In this article, I show you how to compute Fibonacci numbers at blazing speed by leveraging both the Arrow functional library for Kotlin and the ‘exponentiation by squaring algorithm’.

This approach is heavily inspired by this Haskell For All article . You can find the code here .

If you are a programer, chances are you have come across the Fibonacci sequence more than once but here is a quick reminder anyway.

The sequence is defined as follows:

F(0) = 0 F(1) = 1 F(n) = F(n-1) + F(n-2), n > 1

The simplest way to implement this sequence is with a doubly recursive function. For example, in Kotlin:

This is a simple approach but extremely inefficient; the time complexity is `O(2^n)`

.

This can be improved to `O(n)`

by memoizing the two previous values. Let’s see if we can do better.

It turns out there is a mathematical formula that can compute any Fibonacci number in `O(1)`

time and memory complexity:

(You can see here why there is a link between Fibonacci numbers and the golden ratio : if you divide *f(n+1)/f(n)* it converges to .)

Even though this is really fast in theory, it does not work in practice because of the floating precision arithmetic.

Don’t be put off by the fancy looking maths, it will get much simpler when we get to the code.

You can also express recursive sequences like Fibonacci using matrices.

For example for:

f(n) = a.f(n-1) + b.f(n-2)

You can write:

The conditions:

f(0) = ⍺ f(1) = β

become:

So eventually you get:

or:

*Note that this works for any linear recursive sequence where f(n) depends on f(n-1), f(n-2),…,f(n-m). Then you get a* mxm *matrice.*

So our Fibonacci expression becomes:

Don’t worry if you don’t fully understand these matrix operations, it’s actually quite straightforward to turn into code.

The beautiful part of the formula above is that all the work is done by the matrix multiplication. If you have a binary operation of the form *x⊗ y* and you want to compute *x⊗ x⊗…⊗ x, n* times, you can use Exponentiation by Squaring :

Intuitively, you can define the operation `pow(x,n)`

recursively:

`pow(x,n) = `

if(n == 0) empty()

else if(n even) pow(x*⊗*x, n/2)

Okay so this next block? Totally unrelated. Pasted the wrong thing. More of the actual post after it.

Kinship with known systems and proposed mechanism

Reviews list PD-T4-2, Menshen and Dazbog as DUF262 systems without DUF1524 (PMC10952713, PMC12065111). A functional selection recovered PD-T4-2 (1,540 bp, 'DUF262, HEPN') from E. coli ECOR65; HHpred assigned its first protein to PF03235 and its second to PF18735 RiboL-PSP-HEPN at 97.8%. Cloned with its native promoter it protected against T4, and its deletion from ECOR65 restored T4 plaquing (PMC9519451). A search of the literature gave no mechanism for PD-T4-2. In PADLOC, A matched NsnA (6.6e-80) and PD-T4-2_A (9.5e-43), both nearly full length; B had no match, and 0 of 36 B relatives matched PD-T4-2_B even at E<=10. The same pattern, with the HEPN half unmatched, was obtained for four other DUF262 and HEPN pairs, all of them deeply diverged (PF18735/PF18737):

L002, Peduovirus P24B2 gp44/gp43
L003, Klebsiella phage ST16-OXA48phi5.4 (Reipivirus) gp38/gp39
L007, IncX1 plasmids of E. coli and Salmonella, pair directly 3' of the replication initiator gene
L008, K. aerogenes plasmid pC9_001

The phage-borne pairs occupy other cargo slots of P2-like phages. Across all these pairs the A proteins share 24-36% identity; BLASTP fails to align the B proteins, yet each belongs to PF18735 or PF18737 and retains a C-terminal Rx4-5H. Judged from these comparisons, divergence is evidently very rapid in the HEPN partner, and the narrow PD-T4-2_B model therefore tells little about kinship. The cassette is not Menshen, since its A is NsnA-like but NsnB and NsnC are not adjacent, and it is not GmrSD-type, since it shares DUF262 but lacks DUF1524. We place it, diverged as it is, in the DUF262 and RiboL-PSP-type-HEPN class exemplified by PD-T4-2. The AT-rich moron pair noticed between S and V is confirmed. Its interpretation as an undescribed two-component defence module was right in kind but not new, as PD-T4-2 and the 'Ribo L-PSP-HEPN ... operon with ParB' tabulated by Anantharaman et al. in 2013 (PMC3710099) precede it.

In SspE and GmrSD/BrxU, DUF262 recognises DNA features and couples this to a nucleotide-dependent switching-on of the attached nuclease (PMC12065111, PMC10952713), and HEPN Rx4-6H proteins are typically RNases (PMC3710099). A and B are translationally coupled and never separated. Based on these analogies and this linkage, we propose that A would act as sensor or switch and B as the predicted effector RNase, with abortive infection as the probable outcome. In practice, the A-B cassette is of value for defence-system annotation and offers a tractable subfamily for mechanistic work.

else x*⊗*pow(x*⊗*x, (n-1)/2)

We also need a neutral element here called `empty()`

. For natural numbers this is just `1`

.

This algorithm keeps dividing `n`

by *2* so the time complexity is `O(log₂(n)).`

Exponentiation by squaring doesn’t just work for integer multiplication, it works for any type that has a binary operation and neutral value for that operation (1 in the case of natural numbers). So in the Java world we could have an interface like this:

In the functional world, there is something called Type Classes . There is a set of standard type classes and they are shipped with Arrow , a functional library for Kotlin.

The type class that defines a binary operation for a type is called Semigroup . In Kotlin, it would look like this:

The interesting bit about the Kotlin implementation, is that it uses the extension functions in Kotlin . In the Java world if we had a `Foo`

class, it would be extending a `Semigroup`

interface like this:

In Kotlin, we wouldn’t make `Foo`

extend an interface, we would create a new singleton class called `FooSemigroup,`

which provides an extension function for `Foo`

:

So, if we had two foo instances:

val foo1 = Foo() val foo2 = Foo()val foo3 = foo1.combine(foo2) //this does not compileval foo3 = FooSemigroup().run { foo1.combine(foo2) //this compiles }

You see that we have to run the code within the context of `FooSemigroup`

for the `Foo`

class to have the `combine`

method.

## 我来评几句

登录后评论已发表评论数()